This tripartite study of the monkey metaphor, the monkey performance, and the 'special status' people traces changes in Japanese culture from the eighth century to the present. During early periods of Japanese history the monkey's nearness to the human-animal boundary made it a revered mediator or an animal deity closest to humans. Later it became a scapegoat mocked for its vain efforts to behave in a human fashion. Modern Japanese have begun to see a new meaning in the monkey--a clown who turns itself into an object of laughter while challenging the basic assumptions of Japanese culture and society.
Leaders in cognitive psychology, comparative biology, and neuroscience discuss patterns of convergence and divergence seen in studies of human and nonhuman primate brains. The extraordinary overlap between human and chimpanzee genomes does not result in an equal overlap between human and chimpanzee thoughts, sensations, perceptions, and emotions; there are considerable similarities but also considerable differences between human and nonhuman primate brains. From Monkey Brain to Human Brain uses the latest findings in cognitive psychology, comparative biology, and neuroscience to look at the complex patterns of convergence and divergence in primate cortical organization and function. Several chapters examine the use of modern technologies to study primate brains, analyzing the potentials and the limitations of neuroimaging as well as genetic and computational approaches. These methods, which can be applied identically across different species of primates, help to highlight the paradox of nonlinear primate evolution--the fact that major changes in brain size and functional complexity resulted from small changes in the genome. Other chapters identify plausible analogs or homologs in nonhuman primates for such human cognitive functions as arithmetic, reading, theory of mind, and altruism; examine the role of parietofrontal circuits in the production and comprehension of actions; analyze the contributions of the prefrontal and cingulate cortices to cognitive control; and explore to what extent visual recognition and visual attention are related in humans and other primates. The Fyssen Foundation is dedicated to encouraging scientific inquiry into the cognitive mechanisms that underlie animal and human behavior and has long sponsored symposia on topics of central importance to the cognitive sciences.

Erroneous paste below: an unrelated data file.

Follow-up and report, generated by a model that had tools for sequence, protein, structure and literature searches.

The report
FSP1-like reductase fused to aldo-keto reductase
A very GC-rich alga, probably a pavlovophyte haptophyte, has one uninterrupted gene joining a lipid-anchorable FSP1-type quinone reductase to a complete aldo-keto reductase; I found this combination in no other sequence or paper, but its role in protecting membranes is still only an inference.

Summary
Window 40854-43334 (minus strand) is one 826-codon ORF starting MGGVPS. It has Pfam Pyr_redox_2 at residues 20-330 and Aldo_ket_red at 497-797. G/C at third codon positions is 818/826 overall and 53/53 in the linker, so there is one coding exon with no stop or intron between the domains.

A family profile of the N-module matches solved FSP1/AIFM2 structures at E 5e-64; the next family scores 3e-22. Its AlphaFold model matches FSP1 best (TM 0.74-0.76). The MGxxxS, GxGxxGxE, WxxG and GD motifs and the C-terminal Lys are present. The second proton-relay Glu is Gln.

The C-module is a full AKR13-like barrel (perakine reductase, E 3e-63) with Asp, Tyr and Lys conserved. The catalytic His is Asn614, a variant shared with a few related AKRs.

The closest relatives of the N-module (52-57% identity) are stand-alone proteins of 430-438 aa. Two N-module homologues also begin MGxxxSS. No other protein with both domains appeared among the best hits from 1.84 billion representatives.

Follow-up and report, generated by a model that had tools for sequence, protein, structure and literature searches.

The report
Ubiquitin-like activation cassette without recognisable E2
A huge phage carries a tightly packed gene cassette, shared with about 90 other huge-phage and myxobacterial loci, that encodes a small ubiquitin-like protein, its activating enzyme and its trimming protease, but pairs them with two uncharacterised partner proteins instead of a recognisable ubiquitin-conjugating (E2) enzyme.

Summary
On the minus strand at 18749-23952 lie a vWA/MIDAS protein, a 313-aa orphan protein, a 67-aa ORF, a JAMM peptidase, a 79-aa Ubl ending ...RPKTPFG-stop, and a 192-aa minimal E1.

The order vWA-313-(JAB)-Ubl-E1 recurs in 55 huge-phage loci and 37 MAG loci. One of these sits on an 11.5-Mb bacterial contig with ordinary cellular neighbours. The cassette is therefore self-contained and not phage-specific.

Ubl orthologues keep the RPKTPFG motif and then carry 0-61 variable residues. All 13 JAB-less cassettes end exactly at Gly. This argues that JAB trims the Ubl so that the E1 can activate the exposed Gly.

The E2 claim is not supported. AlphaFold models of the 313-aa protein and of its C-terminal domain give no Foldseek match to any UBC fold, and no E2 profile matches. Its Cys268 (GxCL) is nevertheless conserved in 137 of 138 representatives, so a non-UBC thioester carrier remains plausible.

After losing their parents, Tee and her brother Toddan are taken in by their exuberant aunt Tantie, but when Tee wins a scholarship and moves in with Aunt Beatrice, she finds herself challenged by race and class conscious middle class values.
In a future where electronic surveillance has taken the place of love, young Zane uses technology to talk to animals and battles an evil veterinarian who is working on a new device to control animal movement and speech, employing Zane's dog as his first test case.
The classic Chinese novel: “Imagine a combination of picaresque novel, fairy tale, fabliau, Mickey Mouse, Davy Crockett, and Pilgrim’s Progress” (The Nation). Probably the most popular book in the history of the Far East, this classic sixteenth-century novel is a combination of picaresque novel and folk epic that mixes satire, allegory, and history into a rollicking adventure. It is the story of the roguish Monkey and his encounters with major and minor spirits, gods, demigods, demons, ogres, monsters, and fairies. This translation, by the distinguished scholar Arthur Waley, is the first accurate English version; it makes available to the Western reader a faithful reproduction of the spirit and meaning of the original. “Mr. Waley has done a remarkable job with this translation.” —Helena Kuo, The New York Times “The irreverent spirit and exuberant vitality of it portraiture . . . make it an entertainment to which Mr. Waley’s witty translation has obviously contributed not a little.” —The Times (London) “Told with immense gusto, and quite apart from its deeper meaning and wise proverbial sayings it is full of entertainment.” —The Guardian